By 2021-22, UNCW will receive $19,320,362 in research and development sponsored program awards and licensing income, an increase of 134% ($11,063,797 additional over a base of $8,256,565).

man with bird

From UNC Wilmington: Despite widespread damage and a nearly month-long closure as a result of Hurricane Florence in September 2018, the university continues to make progress toward its research productivity goal. The university received $11,056,918 in research grants and licensing income during the 2018-19 academic year. UNCW annually honors the achievements of faculty researchers, many of whom have brought in millions of dollars in research grant money. Among their 2018-19 accomplishments: critical opioid research; drone mapping of coastal changes; creation of synthetic molecules that may aid in the production of new pharmaceuticals; collection of color images obtained from a nanosatellite launched to monitor biological changes in the ocean; and a professor honored for having the most peer-reviewed journal articles resulting from ocean exploration missions supported by NOAA’s Office of Ocean Exploration and Research. Professor of Music Daniel Johnson and Associate Professor of Geography Narcisa Pricope received Fulbright research and teaching awards in spring 2019. UNCW continues to promote research and applied learning opportunities for graduate and undergraduate students. Three students were awarded funds for Holocaust research, and Amanda Ceroli ’19 received a Fulbright Research Grant. As a doctoral-level university with high research activity, UNCW continues to expand research opportunities for faculty, staff and students.

Critical Workforces

By 2021-22, UNCW will produce 2,125 critical workforce credentials, an increase of 34.2% (542 additional critical workforce credentials over a base of 1,583).

Students in lab

From UNC Wilmington: UNCW surpassed its 2021-22 goal by 6.4% in the 2018-19 academic year. UNCW is committed to preparing students for high-demand career fields by enhancing current programs and establishing new degree programs. Chancellor Sartarelli, UNCW Trustees Michael Lee and Woody White, and Watson College of Education Dean Van Dempsey were among a local delegation that met recently with Apple representatives exploring how technology can improve education and workforce development. In December 2018, UNCW received its largest gift commitment to date: $10 million to establish the David S. Congdon School of Supply Chain, Business Analytics and Information Systems within the Cameron School of Business. The university was named a National Center of Academic Excellence in Cyber Defense Education, a designation enabling UNCW students to compete for cybersecurity jobs with federal agencies and government contractors. In fall 2019, UNCW became the first university in the nation to offer a BS in Coastal Engineering. The growing College of Health and Human Services has added programs, including the Doctor of Nursing Practice degree. A Master of Healthcare Administration program will begin in fall 2020. Other programs with strong local employment potential include data science, athletic training, clinical research, education, chemistry, and pharmaceutical sciences. Veterans Hall will open in 2020 to house CHHS and chemistry and biochemistry programs, as well as the Office of Military Affairs.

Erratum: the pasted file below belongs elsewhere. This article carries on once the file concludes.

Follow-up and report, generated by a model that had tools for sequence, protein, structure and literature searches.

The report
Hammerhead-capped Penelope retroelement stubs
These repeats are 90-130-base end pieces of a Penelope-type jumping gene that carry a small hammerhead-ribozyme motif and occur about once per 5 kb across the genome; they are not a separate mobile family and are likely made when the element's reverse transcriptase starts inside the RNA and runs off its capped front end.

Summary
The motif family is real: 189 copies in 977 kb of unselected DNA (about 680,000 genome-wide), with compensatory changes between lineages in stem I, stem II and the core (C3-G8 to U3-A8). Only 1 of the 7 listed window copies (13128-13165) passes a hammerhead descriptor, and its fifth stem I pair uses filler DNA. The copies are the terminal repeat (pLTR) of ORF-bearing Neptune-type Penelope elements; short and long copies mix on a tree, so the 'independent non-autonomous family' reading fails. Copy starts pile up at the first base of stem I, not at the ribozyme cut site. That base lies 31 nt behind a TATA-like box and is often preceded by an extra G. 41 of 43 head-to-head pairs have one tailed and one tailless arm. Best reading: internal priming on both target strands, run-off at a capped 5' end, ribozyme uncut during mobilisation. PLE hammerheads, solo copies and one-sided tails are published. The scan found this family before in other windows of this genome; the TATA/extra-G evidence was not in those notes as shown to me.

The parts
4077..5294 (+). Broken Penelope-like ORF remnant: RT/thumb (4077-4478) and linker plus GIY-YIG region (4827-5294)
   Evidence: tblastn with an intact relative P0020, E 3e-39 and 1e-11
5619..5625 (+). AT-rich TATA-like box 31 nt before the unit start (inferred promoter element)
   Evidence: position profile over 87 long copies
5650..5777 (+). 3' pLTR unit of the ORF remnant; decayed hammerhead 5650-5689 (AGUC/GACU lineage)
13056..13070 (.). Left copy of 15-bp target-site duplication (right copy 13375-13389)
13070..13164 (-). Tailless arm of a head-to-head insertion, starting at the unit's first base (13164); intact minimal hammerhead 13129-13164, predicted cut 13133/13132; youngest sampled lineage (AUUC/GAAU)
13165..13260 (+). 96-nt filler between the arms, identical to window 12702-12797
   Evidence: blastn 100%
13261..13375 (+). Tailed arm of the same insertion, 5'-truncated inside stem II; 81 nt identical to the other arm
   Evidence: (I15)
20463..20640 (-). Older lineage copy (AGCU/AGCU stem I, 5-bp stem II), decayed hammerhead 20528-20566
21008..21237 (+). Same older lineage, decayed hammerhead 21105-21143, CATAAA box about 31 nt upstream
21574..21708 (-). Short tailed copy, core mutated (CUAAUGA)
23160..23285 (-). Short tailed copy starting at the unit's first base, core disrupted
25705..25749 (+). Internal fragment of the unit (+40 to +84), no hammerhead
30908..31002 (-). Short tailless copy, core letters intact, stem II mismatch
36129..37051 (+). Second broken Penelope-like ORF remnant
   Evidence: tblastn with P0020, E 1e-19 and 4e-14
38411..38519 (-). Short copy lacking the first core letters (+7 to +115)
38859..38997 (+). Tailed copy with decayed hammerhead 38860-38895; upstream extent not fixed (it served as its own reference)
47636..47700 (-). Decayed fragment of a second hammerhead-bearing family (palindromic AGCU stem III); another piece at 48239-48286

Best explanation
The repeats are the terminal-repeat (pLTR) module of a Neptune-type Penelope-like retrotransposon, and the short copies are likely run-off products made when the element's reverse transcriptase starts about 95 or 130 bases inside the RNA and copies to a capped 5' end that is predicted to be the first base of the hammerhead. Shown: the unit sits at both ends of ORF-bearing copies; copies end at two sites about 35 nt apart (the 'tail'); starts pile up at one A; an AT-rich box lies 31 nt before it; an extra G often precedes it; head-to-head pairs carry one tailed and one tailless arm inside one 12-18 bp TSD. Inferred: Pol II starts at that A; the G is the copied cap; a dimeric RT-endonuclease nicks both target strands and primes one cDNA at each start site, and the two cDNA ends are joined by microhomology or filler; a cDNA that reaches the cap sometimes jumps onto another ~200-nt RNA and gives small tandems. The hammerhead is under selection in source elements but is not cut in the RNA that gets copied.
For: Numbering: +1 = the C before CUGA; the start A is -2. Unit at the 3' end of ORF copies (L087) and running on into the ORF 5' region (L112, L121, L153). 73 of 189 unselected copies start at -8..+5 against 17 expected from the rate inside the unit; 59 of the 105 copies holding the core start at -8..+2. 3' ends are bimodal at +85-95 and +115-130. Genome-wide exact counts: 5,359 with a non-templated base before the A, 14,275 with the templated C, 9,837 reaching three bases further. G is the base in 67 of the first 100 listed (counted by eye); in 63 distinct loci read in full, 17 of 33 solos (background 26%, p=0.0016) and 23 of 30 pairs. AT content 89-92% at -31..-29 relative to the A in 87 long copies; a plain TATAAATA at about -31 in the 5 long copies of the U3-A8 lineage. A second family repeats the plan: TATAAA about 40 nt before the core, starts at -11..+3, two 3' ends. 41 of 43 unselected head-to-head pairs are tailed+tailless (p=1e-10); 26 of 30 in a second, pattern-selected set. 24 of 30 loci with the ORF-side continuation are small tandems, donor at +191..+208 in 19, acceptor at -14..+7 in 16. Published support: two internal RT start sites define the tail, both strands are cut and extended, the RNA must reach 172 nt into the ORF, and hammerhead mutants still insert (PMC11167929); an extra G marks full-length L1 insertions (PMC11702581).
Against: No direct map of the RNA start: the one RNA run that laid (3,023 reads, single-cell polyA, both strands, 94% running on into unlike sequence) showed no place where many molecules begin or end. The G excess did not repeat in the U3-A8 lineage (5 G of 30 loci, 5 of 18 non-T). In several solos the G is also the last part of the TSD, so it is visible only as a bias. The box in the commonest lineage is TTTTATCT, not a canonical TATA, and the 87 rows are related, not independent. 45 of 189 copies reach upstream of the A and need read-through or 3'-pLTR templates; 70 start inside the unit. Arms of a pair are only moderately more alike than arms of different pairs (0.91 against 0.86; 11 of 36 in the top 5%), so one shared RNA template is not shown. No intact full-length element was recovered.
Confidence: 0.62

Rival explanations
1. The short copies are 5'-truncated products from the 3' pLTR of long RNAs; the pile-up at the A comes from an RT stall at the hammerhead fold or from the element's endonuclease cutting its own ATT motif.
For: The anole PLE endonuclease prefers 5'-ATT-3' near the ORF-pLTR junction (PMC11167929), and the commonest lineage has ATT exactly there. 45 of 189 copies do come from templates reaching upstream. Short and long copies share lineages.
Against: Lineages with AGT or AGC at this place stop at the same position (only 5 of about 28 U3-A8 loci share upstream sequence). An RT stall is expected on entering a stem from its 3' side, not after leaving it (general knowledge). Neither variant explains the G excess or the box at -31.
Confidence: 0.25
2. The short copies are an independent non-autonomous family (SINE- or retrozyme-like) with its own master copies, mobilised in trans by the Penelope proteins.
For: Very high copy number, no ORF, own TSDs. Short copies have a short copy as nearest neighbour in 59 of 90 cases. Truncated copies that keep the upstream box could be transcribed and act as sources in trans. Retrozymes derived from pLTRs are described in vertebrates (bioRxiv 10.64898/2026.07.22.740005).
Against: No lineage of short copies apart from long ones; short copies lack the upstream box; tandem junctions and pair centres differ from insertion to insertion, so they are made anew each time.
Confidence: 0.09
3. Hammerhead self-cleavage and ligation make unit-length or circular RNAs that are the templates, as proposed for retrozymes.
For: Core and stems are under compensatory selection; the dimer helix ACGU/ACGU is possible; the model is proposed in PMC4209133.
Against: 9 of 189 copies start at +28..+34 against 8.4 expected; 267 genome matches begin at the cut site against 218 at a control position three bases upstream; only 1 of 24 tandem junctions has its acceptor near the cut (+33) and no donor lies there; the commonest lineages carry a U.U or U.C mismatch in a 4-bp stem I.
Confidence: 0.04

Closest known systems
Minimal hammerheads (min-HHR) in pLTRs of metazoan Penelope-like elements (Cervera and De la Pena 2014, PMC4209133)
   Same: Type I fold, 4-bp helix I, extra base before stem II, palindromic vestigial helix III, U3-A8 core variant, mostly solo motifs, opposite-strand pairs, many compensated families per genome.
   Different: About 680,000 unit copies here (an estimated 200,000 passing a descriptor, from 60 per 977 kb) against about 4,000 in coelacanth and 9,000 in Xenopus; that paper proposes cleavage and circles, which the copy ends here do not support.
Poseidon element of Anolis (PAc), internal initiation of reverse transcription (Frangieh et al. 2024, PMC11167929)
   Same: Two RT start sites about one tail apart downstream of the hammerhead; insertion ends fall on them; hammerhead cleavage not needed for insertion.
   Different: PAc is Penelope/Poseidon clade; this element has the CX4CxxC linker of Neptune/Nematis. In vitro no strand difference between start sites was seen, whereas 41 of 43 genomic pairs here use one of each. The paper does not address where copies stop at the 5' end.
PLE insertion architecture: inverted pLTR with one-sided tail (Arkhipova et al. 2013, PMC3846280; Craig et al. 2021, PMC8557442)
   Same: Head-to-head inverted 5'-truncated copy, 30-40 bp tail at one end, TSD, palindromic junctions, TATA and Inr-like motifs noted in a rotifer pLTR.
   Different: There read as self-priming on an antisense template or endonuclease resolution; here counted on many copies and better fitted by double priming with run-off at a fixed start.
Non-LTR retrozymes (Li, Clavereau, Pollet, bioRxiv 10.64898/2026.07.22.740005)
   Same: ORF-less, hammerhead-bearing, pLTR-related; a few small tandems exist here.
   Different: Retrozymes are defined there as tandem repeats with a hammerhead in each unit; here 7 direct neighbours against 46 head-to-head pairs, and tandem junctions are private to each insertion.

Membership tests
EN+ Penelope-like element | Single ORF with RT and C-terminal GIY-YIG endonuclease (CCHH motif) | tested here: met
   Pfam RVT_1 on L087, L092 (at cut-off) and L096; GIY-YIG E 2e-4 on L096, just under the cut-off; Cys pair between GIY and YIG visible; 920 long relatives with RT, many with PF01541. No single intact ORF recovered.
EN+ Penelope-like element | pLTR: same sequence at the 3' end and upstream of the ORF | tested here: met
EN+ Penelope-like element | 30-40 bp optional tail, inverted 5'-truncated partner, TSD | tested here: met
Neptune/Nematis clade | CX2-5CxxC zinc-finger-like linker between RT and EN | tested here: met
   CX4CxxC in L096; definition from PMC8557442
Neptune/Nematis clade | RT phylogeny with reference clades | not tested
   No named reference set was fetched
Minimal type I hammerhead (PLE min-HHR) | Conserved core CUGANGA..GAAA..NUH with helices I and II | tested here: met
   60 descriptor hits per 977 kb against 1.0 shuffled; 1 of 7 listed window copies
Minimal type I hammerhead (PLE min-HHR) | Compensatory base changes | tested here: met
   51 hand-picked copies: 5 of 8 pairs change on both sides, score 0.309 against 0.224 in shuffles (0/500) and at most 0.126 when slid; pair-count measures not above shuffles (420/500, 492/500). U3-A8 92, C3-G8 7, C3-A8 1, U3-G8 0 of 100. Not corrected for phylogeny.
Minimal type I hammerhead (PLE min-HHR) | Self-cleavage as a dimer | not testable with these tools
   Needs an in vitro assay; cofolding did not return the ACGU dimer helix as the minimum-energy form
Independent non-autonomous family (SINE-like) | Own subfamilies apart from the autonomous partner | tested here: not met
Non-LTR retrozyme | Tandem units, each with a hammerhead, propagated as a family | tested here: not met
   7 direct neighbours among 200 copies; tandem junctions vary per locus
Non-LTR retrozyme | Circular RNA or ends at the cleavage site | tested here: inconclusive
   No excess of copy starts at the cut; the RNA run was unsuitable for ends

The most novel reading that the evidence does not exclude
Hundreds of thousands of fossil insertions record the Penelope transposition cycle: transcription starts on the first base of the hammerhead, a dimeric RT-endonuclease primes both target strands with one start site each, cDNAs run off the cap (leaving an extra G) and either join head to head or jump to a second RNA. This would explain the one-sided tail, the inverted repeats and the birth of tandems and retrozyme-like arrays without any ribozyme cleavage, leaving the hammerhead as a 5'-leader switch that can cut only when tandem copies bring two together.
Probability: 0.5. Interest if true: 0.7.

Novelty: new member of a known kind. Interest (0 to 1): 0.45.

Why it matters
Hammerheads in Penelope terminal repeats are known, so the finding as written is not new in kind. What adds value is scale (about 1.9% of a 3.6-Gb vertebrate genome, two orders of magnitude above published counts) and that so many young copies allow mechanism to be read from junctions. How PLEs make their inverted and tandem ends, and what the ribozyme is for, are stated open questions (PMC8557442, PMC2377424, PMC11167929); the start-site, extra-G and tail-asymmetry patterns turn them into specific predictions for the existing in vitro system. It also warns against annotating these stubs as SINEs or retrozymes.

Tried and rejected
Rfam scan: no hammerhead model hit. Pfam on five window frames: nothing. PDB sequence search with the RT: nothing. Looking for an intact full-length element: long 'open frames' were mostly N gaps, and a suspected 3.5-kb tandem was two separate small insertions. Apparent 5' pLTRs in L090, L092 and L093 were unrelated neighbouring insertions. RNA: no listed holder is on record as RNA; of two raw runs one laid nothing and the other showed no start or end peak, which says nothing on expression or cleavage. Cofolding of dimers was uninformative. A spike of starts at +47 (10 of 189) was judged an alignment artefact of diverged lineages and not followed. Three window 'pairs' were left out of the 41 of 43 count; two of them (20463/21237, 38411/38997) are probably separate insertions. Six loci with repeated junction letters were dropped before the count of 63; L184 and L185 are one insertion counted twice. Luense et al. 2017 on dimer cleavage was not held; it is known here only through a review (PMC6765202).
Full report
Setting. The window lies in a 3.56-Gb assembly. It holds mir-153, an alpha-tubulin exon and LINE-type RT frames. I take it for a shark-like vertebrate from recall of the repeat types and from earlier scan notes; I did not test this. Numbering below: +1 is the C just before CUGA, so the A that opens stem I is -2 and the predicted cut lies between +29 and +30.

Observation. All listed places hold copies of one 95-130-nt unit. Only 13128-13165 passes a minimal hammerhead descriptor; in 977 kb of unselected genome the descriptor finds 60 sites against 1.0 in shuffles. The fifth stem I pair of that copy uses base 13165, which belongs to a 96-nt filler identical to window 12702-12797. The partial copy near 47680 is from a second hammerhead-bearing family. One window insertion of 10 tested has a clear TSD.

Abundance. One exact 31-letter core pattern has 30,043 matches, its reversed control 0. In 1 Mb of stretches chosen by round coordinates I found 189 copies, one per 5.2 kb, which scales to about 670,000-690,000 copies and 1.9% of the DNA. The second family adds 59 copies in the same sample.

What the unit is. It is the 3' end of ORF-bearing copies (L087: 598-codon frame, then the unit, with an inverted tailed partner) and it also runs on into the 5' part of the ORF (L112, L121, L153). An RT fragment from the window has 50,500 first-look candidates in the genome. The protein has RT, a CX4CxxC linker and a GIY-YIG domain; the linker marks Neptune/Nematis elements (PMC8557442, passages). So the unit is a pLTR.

From UNC Wilmington: Through its Vision Statement, UNCW emphasizes excellence in everything it does, and continued improvement and progress are keys to meeting that high standard. In fall 2019, U.S. News & World Report elevated the university from the regional to the national universities category for the first time and ranked UNCW 92nd on its list of the “2020 Top Public National Universities.” The university chose to focus on improving three areas linked to successful and timely degree completion: low-income completions, rural completions, and five-year graduation rates. UNCW has met and exceeded the benchmarks in its performance agreement, but always strives to go beyond the minimum expectations. UNCW will continue to develop programs to help students see their college plan through to graduation.

Low-income Completions

By 2021-22, UNCW will produce 1,406 low-income graduates, an increase of 26.7% (296 additional low-income completions over a base of 1,110).

From UNC Wilmington: UNCW has been nationally recognized for its commitment to diversity and inclusion and has taken many steps to help students from all backgrounds succeed. The university’s 86.2% freshman retention rate as of fall 2019 reflects those efforts. University College, which helps first-year students transition to UNCW, and the dean of Undergraduate Studies play key roles in retention and completions. The Office of Institutional Diversity and Inclusion also offers programs designed for students who may be first-generation college students. Organizations such as Centro Hispano and the Upperman African American Cultural Center help students engage with the university community and support their academic goals. Financial aid – including Pell Grants and SOAR scholarships – and work-study programs help offset the cost of higher education. The university enlisted a group of student leaders to help students stay abreast of application timelines to maximize financial aid. The Seahawk LEADS (Leadership, Empowerment, Academic Development and Success) program pairs first-year students with a faculty or staff mentor. Studies show that students with mentors are more likely to graduate.